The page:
Gothamist News Sites Brought Back to Life by Public Radio

New York news websites Gothamist and DNAinfo were abruptly shut down November 2, 2017 by their billionaire owner Joe Ricketts just a week after company employees successfully unionized. Dozens of writers, journalists, labor activists and DNAinfo and Gothamist employees attended an afternoon rally after the closures to support the journalists and other staff members who lost their jobs at the publications after they voted to form a union. (Spencer Platt/Getty Images)

Gothamist, a pithy news website covering New York City shut down last year after reporters unionized, and satellites in Los Angeles and Washington, D.C., are getting a new life thanks to public radio.

Public radio stations WNYC in New York, KPCC in Los Angeles, and WAMU in Washington announced the purchase Friday. They said that the acquisition was funded largely through two anonymous donors and stations partners.

"We are committed to telling stories rooted in New York and that matter to New Yorkers," said Laura Walker, president and CEO of New York Public Radio. "As we've seen a decline in local journalism in even the largest metropolitan areas across the country, even at a time when it's so vital, we remain committed to strong, independent reporting that fills the void."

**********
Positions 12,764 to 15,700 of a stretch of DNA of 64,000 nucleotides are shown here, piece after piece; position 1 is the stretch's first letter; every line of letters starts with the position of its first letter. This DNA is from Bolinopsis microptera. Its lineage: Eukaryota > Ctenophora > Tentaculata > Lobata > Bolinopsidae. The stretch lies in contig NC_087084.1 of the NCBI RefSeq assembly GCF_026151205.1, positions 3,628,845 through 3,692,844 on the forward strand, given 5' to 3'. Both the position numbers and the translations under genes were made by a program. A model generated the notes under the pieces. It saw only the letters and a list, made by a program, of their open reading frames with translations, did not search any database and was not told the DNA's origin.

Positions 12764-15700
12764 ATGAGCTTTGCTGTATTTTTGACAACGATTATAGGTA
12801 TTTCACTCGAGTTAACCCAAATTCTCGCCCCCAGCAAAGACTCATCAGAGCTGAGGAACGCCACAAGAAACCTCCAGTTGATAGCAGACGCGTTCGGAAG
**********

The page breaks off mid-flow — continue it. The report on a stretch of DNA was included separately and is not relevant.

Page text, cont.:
Sponsored

Terms of the deal were not disclosed. Gothamist, LAist and DCist will re-launch in the spring.

For about a decade, the sites in the three cities along with others around the country offered quirky takes on city life, from news to restaurant reviews to to-do guides. Gothamist was purchased last year by Joe Ricketts, the billionaire owner of the Chicago Cubs and local news sites DNAinfo.

About a week after New York staffs voted to unionize, Ricketts shut them all down, calling it a business decision. He said combined daily news reports were sent to a half-million email addresses.

Sponsored

The deal also gives the public radio stations control over story archives, internet domains and social media sites from DNAinfo, as well as Chicagoist and SFist in San Francisco. WNYC officials said they were exploring ways to find new homes for those sites to "ensure the kind of quality local news" they provided to their communities.

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